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The Wrong Enemy: America in Afghanistan, 2001-2014

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Thursday, May 1, 2014 at 7:00 PM

In early February 2009, Richard Holbrooke, the newly named Special Representative for Afghanistan and Pakistan, took me aside at the State Department to tell me he was getting panicky messages from Pakistan’s generals about President Obama’s decision to appoint me chairman of a special review of American policy toward Afghanistan and Pakistan. Richard said the . . .
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Company Man: Thirty Years of Controversy and Crisis in the CIA

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Sunday, April 20, 2014 at 9:14 PM

In our conversation the other day for the Lawfare Podcast, longtime CIA lawyer John Rizzo jokingly—but only sort of jokingly—composed the first paragraph of his own obituary: “John Rizzo, who approved a controversial CIA program post-9/11 to interrogate suspects—a program that many observers [regarded] as torture—died today.” Are you comfortable with having your obituary open . . .
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Secrets and Leaks: The Dilemma of State Secrecy

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Thursday, April 3, 2014 at 11:24 PM

Leaks of classified information have probably never been as prominent and as influential in public discourse as they are today. So Rahul Sagar’s book Secrets and Leaks is exquisitely timed to help readers to think through the conundrums of government secrecy in a democracy and to consider the role of unauthorized disclosures. This is of . . .
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Treasury’s War: The Unleashing of a New Era of Financial Warfare

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Sunday, March 23, 2014 at 11:39 PM

This is a boom time in new ways to wage war. Drones and cyber get most of the attention, but if you’re committed to bringing a country to its knees, cut it off from international financial markets. This reality, along with dissatisfaction with traditional sanctions, led U.S. policymakers to develop a new way to bring . . .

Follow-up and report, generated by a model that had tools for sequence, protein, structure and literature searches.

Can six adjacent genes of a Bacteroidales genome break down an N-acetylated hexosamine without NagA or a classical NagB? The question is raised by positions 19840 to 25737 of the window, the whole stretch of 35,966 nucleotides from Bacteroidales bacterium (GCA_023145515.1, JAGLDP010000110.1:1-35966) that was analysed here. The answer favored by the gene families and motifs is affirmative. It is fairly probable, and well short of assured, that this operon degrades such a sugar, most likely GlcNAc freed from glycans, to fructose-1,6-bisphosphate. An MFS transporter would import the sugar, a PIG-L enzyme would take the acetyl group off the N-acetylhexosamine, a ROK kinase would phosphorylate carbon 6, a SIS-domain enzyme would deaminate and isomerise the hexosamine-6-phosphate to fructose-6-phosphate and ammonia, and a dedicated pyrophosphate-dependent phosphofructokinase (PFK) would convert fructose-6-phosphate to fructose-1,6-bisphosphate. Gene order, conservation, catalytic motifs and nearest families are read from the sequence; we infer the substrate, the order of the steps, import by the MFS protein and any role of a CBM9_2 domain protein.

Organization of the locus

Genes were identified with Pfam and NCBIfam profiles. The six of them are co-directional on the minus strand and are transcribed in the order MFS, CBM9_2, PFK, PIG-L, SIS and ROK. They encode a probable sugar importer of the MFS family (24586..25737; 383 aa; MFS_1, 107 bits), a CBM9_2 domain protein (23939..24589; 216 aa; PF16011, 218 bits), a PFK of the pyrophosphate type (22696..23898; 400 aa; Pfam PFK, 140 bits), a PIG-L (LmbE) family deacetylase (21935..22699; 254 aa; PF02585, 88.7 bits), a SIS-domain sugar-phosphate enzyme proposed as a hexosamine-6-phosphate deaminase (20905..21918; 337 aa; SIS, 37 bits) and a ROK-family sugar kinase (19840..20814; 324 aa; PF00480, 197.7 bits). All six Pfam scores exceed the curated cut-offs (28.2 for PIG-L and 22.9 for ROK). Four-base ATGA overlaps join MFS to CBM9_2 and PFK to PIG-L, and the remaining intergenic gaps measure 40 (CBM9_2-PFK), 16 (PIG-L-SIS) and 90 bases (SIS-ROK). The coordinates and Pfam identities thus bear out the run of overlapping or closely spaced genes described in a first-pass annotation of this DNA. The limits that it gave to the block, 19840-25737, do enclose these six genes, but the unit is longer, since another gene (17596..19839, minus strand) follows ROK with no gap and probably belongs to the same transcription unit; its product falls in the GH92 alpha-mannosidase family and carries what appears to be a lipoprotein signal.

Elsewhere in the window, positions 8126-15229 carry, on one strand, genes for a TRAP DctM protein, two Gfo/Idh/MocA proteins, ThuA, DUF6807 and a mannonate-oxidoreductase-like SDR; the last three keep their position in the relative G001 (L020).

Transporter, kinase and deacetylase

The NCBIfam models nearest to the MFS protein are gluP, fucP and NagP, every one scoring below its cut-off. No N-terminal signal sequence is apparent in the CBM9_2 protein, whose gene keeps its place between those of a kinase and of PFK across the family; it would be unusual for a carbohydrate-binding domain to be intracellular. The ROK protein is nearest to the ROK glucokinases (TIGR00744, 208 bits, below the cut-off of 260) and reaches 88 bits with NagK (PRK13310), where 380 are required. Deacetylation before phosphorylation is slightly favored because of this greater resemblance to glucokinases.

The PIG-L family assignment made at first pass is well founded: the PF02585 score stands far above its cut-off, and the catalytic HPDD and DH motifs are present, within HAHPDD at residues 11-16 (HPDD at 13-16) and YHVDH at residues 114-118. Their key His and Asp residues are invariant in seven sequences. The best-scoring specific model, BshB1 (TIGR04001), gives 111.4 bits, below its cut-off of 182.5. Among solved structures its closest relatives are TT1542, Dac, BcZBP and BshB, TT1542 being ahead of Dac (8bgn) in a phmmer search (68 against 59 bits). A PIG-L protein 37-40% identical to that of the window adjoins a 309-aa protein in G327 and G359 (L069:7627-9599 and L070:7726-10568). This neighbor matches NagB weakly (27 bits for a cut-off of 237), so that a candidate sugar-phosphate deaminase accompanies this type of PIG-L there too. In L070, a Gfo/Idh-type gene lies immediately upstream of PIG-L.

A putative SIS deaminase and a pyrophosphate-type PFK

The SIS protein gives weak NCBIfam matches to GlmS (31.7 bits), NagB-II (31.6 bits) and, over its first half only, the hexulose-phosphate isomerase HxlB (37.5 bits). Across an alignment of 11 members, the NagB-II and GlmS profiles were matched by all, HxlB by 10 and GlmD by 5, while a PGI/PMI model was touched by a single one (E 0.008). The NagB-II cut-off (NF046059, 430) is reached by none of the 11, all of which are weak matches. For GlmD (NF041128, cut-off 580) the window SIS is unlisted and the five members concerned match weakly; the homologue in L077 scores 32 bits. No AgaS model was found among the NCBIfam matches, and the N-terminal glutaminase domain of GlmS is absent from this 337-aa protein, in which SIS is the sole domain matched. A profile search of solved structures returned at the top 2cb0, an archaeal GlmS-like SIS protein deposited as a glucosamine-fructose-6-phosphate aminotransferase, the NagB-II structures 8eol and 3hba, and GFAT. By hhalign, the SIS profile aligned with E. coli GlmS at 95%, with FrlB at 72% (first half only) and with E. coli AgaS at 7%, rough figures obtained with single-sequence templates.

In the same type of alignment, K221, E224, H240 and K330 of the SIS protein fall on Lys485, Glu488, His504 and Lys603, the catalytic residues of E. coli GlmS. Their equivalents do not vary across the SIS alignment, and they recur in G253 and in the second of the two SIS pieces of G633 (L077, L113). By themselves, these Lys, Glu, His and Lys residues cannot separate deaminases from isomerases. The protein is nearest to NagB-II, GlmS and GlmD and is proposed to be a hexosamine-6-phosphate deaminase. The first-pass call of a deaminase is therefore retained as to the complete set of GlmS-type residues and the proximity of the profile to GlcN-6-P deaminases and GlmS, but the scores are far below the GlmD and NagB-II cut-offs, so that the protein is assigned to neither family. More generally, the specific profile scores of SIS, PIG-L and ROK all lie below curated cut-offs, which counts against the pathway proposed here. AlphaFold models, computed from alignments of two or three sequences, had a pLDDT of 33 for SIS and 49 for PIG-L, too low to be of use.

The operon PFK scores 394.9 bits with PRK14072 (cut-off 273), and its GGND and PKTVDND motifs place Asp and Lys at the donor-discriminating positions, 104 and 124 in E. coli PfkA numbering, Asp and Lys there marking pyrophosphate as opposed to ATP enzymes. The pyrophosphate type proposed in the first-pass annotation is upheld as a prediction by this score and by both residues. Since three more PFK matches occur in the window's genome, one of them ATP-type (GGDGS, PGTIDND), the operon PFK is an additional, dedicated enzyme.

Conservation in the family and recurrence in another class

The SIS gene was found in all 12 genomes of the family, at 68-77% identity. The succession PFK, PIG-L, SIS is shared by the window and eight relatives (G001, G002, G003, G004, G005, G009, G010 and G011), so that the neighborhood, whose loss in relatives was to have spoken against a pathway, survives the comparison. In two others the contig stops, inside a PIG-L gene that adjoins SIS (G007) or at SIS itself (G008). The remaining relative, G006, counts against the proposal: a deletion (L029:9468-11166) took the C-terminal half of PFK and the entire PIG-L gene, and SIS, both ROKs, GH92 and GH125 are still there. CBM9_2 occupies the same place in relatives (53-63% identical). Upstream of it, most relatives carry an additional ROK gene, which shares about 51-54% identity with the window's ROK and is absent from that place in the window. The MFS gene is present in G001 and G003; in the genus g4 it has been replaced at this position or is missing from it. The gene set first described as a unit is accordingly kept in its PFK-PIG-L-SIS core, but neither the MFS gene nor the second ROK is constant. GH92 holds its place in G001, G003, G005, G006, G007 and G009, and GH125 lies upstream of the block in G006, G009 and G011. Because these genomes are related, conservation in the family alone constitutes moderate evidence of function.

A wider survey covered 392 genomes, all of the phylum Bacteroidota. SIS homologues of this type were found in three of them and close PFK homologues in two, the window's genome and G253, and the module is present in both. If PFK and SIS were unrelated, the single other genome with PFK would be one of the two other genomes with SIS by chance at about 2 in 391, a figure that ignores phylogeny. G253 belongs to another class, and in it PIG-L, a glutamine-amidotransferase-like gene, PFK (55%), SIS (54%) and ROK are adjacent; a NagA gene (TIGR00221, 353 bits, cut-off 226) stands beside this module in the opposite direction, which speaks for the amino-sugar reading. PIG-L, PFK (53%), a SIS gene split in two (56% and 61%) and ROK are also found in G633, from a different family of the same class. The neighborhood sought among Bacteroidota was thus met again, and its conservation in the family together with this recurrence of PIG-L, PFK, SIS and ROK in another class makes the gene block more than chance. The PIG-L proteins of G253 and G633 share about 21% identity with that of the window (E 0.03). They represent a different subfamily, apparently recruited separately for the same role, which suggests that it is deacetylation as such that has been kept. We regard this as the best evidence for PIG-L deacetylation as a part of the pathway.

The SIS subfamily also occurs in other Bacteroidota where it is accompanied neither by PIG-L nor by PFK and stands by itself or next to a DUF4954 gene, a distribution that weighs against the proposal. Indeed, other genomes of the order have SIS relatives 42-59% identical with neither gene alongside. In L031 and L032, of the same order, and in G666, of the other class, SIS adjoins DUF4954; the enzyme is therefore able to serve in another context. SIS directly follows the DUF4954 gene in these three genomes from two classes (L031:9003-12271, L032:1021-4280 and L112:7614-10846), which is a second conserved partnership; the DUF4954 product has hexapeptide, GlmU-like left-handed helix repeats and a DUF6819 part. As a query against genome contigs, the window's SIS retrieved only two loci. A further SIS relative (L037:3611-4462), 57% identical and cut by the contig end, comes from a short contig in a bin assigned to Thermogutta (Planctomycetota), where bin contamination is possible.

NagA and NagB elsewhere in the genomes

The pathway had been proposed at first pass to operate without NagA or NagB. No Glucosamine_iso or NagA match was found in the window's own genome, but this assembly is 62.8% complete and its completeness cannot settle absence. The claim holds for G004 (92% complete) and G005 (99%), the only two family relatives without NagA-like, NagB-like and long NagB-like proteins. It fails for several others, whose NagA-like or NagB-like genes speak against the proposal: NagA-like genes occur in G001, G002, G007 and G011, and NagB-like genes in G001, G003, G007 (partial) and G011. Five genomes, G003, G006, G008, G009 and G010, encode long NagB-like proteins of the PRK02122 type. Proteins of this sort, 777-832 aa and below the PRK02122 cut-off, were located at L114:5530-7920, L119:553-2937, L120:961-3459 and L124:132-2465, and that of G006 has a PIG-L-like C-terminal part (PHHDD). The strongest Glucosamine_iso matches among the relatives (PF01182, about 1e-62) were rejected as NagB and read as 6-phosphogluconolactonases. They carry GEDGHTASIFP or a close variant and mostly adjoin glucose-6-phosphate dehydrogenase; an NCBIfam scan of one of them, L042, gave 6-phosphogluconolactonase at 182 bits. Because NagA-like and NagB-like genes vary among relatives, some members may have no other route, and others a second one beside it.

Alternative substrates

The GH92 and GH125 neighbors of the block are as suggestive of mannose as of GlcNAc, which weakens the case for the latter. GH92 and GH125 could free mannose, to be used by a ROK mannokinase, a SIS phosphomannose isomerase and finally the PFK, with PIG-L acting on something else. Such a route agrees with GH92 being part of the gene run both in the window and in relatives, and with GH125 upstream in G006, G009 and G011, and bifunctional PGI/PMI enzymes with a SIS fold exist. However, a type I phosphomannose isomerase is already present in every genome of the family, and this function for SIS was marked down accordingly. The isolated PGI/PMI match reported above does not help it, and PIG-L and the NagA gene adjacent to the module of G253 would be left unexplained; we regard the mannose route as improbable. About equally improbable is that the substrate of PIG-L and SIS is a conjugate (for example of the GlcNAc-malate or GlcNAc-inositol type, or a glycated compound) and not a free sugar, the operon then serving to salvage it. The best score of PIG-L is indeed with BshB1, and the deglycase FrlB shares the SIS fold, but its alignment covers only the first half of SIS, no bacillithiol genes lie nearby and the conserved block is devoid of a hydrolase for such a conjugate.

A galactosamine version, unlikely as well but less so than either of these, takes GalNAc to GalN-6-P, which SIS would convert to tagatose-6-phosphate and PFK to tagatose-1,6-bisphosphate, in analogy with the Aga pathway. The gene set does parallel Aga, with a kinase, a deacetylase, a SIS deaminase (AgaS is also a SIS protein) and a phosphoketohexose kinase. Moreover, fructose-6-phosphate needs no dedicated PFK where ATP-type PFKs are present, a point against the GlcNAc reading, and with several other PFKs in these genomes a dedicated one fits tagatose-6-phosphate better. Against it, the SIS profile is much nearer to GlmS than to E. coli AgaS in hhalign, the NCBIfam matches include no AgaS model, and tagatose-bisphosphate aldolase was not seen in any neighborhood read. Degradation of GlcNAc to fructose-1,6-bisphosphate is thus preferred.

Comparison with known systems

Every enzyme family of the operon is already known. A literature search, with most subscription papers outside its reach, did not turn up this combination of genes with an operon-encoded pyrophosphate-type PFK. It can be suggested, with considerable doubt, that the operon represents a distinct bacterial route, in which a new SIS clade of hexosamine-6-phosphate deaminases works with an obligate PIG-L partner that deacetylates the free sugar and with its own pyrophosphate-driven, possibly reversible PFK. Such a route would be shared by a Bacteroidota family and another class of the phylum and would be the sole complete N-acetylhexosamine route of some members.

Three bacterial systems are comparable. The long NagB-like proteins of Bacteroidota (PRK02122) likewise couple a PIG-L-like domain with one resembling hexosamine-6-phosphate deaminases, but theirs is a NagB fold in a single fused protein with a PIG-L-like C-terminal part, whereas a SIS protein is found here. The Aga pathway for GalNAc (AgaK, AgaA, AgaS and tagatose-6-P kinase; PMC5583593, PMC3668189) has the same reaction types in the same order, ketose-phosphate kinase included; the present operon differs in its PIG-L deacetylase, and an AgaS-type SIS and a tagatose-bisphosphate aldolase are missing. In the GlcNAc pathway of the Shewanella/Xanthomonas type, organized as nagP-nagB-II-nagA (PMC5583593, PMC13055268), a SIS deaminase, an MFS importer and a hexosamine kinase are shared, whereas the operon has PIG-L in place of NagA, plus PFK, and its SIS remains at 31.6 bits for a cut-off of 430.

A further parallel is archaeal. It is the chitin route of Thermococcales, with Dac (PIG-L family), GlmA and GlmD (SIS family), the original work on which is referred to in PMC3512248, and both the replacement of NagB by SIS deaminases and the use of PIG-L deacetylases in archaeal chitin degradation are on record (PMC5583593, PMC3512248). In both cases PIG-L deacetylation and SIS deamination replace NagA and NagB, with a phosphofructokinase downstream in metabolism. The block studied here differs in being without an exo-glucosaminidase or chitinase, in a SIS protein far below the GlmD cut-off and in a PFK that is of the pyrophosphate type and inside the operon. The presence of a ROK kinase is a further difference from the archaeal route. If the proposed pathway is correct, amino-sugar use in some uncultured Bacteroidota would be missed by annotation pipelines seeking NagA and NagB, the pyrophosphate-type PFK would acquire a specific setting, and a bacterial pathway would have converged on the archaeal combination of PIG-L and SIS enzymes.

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The Snowden Operation: Inside the West’s Greatest Intelligence Disaster

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Tuesday, February 11, 2014 at 7:38 AM

Over the past few weeks, several members of congressional intelligence committees have intimated that Edward Snowden might have been an active espionage agent. The administration has not publicly supported the theory, though it hasn’t definitively ruled it out. Some of the circumstances are, indeed, suspicious—most importantly that Snowden ended up first in Hong Kong and . . .
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Afghanistan: A Distant War

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Monday, January 13, 2014 at 5:07 PM

Afghanistan: A Distant War Robert Nickelsberg; Foreword by Jon Lee Anderson; Introduction by Ahmad Nader Nadery Prestel USA (2013) The Cruel Radiance: Photography and Political Violence Susie Linfield University of Chicago (2012) By mid-20th century, photography had evolved from its 19th century origins as a rarified domain of professional photographers into a technology of the masses; . . .
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Getting Away With Murder: Benazir Bhutto’s Assassination and the Politics of Pakistan

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Wednesday, December 25, 2013 at 9:00 AM